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|Pension Amendment Advances Through IL House Committee
|(IRN)-Illinois is in tough shape financially, and the state's pension systems often get the blame. The legislature is working on a way to make it harder to boost public pensions. An Illinois House committee has advanced a measure that would have the state's voters determine if that's what they want. The proposal is a constitutional amendment that would make it a three-fifths majority, as opposed to a simple majority, to increase payments or otherwise expand pensions.
House Speaker Michael Madigan, the sponsor of the amendment, says increasing the benefits should meet a higher threshold. "We now know, given the fiscal condition of the state pension systems and the local systems, that this is an extraordinary situation," he said. "This is not something that should be handled in the ordinary course. There oughta be a high bar to move these bills."
Illinois currently faces about an $80 billion unfunded pension liability. The legislature is trying to stop the bleeding; last year it passed a second tier of pension benefits for new hires, effective this year. It raised the retirement age from 65 to 67 and capped maximum benefits, among other reforms.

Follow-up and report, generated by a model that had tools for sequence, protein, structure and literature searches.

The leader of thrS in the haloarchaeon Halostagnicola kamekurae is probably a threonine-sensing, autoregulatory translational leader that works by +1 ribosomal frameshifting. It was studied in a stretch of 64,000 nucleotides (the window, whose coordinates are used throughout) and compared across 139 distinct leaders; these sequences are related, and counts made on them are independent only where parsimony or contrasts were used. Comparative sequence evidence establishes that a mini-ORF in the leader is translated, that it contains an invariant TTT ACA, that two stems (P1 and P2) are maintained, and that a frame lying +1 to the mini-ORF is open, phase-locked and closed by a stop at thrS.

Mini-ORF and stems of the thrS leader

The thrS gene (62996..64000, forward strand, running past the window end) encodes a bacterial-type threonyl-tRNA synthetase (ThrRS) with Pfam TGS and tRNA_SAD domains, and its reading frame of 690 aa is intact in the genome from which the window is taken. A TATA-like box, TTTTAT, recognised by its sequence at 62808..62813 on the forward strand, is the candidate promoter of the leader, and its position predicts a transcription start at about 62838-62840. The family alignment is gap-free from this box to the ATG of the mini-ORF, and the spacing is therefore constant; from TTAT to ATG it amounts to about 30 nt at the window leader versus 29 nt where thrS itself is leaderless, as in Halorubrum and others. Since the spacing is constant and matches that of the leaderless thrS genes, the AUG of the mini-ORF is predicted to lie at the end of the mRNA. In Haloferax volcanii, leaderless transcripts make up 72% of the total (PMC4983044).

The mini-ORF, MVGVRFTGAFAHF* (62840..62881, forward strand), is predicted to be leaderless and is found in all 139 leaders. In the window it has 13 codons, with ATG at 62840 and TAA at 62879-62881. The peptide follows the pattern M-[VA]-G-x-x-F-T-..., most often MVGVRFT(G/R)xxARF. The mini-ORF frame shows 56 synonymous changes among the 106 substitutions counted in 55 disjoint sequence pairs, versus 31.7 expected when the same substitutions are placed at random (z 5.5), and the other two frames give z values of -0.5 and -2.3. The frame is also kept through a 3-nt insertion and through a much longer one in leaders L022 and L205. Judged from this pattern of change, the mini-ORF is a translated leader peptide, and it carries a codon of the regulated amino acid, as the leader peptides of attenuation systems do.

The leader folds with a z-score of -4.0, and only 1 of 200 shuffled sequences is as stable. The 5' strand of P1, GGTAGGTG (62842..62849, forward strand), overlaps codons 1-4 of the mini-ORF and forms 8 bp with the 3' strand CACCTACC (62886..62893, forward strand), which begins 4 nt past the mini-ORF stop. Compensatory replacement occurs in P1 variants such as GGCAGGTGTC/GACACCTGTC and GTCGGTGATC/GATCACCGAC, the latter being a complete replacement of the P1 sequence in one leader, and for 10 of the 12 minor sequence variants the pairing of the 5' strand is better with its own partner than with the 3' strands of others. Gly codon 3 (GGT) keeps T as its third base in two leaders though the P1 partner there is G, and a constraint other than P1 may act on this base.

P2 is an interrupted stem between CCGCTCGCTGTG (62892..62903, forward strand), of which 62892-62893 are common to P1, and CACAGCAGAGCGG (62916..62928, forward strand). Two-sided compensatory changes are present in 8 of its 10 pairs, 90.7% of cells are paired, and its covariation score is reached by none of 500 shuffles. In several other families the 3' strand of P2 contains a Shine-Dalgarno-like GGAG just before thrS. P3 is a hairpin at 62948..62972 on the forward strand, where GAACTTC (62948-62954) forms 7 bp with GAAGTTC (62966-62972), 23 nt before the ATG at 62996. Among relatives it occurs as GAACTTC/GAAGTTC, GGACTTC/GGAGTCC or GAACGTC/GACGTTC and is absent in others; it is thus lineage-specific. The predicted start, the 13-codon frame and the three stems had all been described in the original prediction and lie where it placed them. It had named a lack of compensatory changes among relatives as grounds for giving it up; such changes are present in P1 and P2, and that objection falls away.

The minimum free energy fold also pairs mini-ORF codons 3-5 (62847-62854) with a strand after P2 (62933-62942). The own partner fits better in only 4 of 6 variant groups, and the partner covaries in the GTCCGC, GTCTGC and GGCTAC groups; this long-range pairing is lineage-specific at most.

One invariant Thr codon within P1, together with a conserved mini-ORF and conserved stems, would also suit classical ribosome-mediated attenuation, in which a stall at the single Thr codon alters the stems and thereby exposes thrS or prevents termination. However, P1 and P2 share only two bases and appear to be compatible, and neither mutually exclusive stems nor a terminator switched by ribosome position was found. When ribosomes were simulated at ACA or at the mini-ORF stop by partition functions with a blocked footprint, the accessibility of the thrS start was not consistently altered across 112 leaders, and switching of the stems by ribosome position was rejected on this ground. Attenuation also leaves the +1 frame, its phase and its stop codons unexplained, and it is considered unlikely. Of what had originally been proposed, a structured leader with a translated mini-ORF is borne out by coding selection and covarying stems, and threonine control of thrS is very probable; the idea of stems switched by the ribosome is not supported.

The House and Senate would have to approve the amendment before it could go to voters in the next state election, in 2012. Illinois Education Association lobbyist Will Lovett is against the resolution, saying such a constraint may encourage prospective teachers to live somewhere else. "Given that Illinois now has the highest retirement age in the nation, especially comparing ourselves to our neighboring states, will students that graduate that want to go into teaching or want to go into the educational field want to stay in the state of Illinois?"
Other labor unions also oppose the resolution.
(Source: Illinois Radio Network)
|01 05 11 by Newsroom
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